We maintain good disclosure procedures, but sometimes we have a violation of TILA. The mistake is not intentional. It is systemic. Still, what do we say to a regulator when faced with a violation that was not in our control?
If a creditor (or assignee) can show by a preponderance of evidence that the violation was unintentional and resulted from a bona fide error notwithstanding the maintenance of procedures reasonably adapted to avoid such errors, the creditor (or assignee) will not be held liable in a civil action for the violation.
Some examples of bona fide errors include, but are not limited to, clerical, calculation, computer malfunction and programming, and printing. However, an error of legal judgment with respect to a person’s obligations under TILA is not a bona fide error. [15 USC § 1640(c)]
Regulators have a view of errors that the ancient Stoics would appreciate. Epictetus, the great Stoic philosopher, said:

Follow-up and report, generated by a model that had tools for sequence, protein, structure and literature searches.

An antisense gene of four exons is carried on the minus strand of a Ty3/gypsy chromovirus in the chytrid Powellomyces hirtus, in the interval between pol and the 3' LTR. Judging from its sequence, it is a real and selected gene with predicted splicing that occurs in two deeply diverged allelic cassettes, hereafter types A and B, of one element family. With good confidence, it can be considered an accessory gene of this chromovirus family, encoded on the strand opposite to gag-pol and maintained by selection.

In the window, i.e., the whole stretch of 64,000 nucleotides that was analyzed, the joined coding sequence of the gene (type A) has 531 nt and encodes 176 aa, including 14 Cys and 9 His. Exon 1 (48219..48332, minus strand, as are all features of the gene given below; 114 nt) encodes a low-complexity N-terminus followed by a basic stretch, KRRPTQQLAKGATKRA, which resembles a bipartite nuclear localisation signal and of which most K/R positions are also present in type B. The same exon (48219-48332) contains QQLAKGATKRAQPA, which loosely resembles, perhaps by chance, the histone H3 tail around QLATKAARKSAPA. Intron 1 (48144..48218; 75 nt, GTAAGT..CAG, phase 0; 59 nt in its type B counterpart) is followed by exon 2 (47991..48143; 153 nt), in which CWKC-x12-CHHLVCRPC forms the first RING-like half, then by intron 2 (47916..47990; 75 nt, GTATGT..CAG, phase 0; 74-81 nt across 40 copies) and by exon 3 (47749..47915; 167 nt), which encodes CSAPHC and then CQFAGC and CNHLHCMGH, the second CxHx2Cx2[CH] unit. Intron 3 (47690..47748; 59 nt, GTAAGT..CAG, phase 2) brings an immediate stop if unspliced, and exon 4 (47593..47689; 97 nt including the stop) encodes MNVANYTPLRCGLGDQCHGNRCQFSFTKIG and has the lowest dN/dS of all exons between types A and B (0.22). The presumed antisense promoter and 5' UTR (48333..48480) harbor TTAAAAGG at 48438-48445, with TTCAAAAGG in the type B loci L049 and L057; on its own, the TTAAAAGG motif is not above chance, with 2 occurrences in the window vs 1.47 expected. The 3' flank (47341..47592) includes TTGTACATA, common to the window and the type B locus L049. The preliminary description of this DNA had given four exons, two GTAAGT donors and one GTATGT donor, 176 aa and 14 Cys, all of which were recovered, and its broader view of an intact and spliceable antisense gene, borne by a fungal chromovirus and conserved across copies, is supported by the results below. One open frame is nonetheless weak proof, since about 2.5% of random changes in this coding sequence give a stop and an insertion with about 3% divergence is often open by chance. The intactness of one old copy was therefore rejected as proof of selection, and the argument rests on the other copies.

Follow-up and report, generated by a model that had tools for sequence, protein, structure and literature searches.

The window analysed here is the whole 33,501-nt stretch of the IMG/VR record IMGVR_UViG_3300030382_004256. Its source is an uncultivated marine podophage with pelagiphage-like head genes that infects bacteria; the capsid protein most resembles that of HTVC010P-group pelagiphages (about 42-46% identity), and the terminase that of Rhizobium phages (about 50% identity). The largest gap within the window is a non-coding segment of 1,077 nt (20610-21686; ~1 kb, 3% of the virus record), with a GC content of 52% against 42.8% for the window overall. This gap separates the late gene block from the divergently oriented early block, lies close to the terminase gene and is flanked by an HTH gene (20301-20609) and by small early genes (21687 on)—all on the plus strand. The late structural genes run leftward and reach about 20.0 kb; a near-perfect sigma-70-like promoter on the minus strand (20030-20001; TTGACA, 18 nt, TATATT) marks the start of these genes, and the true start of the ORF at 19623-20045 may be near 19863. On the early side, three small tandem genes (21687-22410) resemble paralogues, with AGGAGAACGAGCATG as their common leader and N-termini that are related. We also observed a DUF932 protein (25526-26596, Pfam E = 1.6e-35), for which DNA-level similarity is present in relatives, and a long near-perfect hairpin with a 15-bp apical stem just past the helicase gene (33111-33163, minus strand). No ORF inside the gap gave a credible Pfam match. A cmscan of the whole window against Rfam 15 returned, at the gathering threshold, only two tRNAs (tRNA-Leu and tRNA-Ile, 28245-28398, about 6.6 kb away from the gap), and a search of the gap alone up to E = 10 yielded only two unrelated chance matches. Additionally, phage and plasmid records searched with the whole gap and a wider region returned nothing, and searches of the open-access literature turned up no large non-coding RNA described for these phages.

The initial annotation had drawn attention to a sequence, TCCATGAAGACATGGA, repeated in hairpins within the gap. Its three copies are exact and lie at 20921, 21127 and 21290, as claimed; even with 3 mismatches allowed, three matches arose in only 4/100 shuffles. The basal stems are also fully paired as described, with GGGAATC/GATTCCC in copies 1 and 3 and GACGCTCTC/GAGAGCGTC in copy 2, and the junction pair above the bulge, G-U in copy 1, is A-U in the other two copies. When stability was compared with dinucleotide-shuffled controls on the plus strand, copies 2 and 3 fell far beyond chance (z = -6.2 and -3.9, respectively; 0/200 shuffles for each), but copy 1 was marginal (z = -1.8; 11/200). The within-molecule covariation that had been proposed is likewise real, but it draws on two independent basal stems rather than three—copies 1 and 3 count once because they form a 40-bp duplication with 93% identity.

There are things which are within our power,
and there are things which are beyond our power.
(The Enchiridion, by Epictetus.)
Generally, when it comes to the regulators’ perspective, ‘things which are within our power’ are subject to higher liability and administrative action with respect to statutory penalties and remedies than ‘things which are beyond our power.’
Systemic errors may be controversial, given the complexity of system maintenance over a long period of time. Depending on the type of violation caused by this kind of TILA error, it is a good idea to notify the supervising regulator of the event or document the corrective action. Both responses would likely be viewed as acting in good faith.
President & Managing Director
Lenders Compliance Group